Ever since I vowed to become a counselor, I also made it clear that I would not be the conventional type. Whenever I talk about “conventional,” I envision someone wearing thick glasses and staying cooped up in their office every day until their retirement. I have nothing against mental health professionals who loved that lifestyle, but that’s not the kind of life I ever wanted for myself. In my book, offering counseling should not mean that I would have to be one of them.
One way to achieve my goal was to join a humanitarian group that built sustainable houses for less fortunate people. It was not a full-time thing; I still kept an office in the city where I met some clients a few hours a day. But I was in one outreach program after another, especially during the weekends. I would even sometimes go overseas and join their international teams.
What did I do there, you might ask? Of course, among my tasks was still take part in the building process of the houses. They needed all the hands they could get to finish the project early and move on to the following location. Whether they needed someone to push the wheelbarrow, carry sacks of cement, or at least stack up some hollow blocks, I did it.
Nevertheless, my primary goal was to offer counsel to the people who needed help from a humanitarian group to have a roof over their heads. You see, they were the ones who got displaced after hurricanes, floods, and sometimes even forest fires. The natural phenomena took away their possessions and resources, and they might have gone homeless if not for the group that was willing to give them free houses.
When Helpers Needed Counseling, Too
I had been helping out for a few months already when I met Drake. He was very young; he just had his 18th birthday at the time. However, he had been volunteering with the humanitarian group with his parents since he was 15 years old. His parents were not satisfied with merely giving money to a charity; they wanted to put a lot of effort into helping others. At least, that’s what my friends in the group had told me.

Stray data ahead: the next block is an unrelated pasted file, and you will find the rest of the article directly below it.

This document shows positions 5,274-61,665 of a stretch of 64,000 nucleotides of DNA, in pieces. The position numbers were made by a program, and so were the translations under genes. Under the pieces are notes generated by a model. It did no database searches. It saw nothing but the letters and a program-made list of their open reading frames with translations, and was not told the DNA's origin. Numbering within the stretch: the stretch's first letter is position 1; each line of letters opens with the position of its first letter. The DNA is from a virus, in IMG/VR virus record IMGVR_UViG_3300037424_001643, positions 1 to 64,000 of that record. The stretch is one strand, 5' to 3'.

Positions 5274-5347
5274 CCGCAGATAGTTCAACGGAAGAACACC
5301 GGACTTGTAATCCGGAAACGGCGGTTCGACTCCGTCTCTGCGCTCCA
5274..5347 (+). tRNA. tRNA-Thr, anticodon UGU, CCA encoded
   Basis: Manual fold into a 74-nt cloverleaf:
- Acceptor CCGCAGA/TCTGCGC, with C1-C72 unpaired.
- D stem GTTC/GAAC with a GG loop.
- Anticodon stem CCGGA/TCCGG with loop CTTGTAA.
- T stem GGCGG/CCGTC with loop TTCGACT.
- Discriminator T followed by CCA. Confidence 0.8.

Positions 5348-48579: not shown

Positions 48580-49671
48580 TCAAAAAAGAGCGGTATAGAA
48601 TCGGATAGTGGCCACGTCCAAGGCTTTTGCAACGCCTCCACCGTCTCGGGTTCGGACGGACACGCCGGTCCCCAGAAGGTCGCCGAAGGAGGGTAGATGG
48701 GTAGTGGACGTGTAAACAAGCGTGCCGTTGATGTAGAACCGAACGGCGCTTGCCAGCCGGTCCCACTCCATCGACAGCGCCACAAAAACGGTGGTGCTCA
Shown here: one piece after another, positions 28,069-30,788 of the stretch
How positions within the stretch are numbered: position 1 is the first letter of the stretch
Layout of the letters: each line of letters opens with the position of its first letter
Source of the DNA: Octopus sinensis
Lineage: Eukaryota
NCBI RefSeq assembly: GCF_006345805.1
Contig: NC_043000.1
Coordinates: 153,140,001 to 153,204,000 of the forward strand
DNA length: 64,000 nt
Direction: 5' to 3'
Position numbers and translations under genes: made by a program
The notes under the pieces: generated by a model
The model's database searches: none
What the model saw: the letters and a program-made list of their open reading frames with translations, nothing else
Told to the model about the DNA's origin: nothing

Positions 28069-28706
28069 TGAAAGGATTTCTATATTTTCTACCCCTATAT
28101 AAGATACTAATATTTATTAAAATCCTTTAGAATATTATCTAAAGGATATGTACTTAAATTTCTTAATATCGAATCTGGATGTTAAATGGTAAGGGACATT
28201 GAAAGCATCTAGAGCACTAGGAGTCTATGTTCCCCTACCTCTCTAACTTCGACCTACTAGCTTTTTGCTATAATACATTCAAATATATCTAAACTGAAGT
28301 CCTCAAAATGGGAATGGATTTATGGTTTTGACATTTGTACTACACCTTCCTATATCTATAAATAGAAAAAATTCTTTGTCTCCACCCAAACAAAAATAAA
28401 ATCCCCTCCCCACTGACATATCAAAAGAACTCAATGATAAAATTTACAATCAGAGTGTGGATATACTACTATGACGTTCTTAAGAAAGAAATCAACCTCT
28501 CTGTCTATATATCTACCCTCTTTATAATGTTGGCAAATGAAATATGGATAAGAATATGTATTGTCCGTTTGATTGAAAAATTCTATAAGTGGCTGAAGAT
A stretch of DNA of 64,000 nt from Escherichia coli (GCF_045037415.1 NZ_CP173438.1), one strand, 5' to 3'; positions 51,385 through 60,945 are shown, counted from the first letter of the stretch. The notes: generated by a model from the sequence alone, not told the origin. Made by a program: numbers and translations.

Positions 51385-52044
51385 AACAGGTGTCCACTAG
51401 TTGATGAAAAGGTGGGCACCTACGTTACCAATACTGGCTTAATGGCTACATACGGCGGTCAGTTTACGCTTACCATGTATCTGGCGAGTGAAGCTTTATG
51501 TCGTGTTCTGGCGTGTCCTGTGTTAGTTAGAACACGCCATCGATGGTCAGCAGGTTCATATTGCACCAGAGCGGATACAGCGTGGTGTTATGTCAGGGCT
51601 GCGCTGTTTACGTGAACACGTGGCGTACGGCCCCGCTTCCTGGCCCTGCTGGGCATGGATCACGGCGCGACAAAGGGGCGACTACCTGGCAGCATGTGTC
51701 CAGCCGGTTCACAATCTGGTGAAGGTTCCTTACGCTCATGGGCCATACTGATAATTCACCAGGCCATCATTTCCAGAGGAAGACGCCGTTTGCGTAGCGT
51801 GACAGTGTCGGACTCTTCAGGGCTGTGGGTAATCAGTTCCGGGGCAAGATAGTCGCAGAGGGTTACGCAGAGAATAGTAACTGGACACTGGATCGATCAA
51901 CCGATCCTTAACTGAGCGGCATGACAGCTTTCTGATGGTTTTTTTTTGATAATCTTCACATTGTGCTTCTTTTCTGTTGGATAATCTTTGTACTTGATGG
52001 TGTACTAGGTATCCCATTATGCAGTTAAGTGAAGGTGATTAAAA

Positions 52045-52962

The thing was, Drake was alone that day. The reason was that there was a fire on the side of the mountain where they lived, and his mom and dad did not make it. Drake only survived because he was out playing basketball with his friends. By the time he reached home, there were already many fire trucks and police cars in his neighborhood, and it took more than 24 hours before he found out what happened to his parents. In an instant, the sustainability helper needed help.
As a counselor, I was not supposed to diagnose mental disorders in a patient because that’s a psychologist’s or psychiatrist’s job. However, I knew what grief and a sense of loss looked like, and that’s what I saw in Drake. I knew that the next best thing for him right then was to have someone talk to you about the recent unfortunate incident. So I decided to approach him during one of our short breaks.
“Hey, Drake,” I started. “I don’t think that we have officially met, but I am technically the resident counselor in our little humanitarian group. I offer mental health services to the people that we build houses for and help them accept and get over the reason why they needed help in the first place so that they could start anew.”
“Yes, I know you. My parents thought you were doing great, considering you never ask for money, even if counseling tends to cost a lot in the outside world,” Drake replied.
I smiled. “Still, my services do not need to end there. In truth, I can offer the same thing to you and the other volunteers here whenever you need it.”
I was mildly surprised when Drake bent his head down and began sobbing. I immediately felt terrible towards this young sustainability advocate. Here he was, practically an orphan and almost a homeless person if his grandparents didn’t take him in, but he continued his parents’ vocation. I asked him to visit me in my office the next day to talk away from the concerned yet prying eyes of the other members.
That was the beginning of Drake’s counseling journey. It took him some time to get over his parents’ sudden death; he had even been diagnosed with depression not too long after that. But the kid eventually learned how to handle all the emotions hitting him at once.
On one occasion, Drake’s grandparents joined our humanitarian project, and they made a point of thanking me for my work with their grandson. I merely replied that my doors were always open if they needed assistance. That’s especially true since the world needed more kids like Drake, who cared for others and the world in general.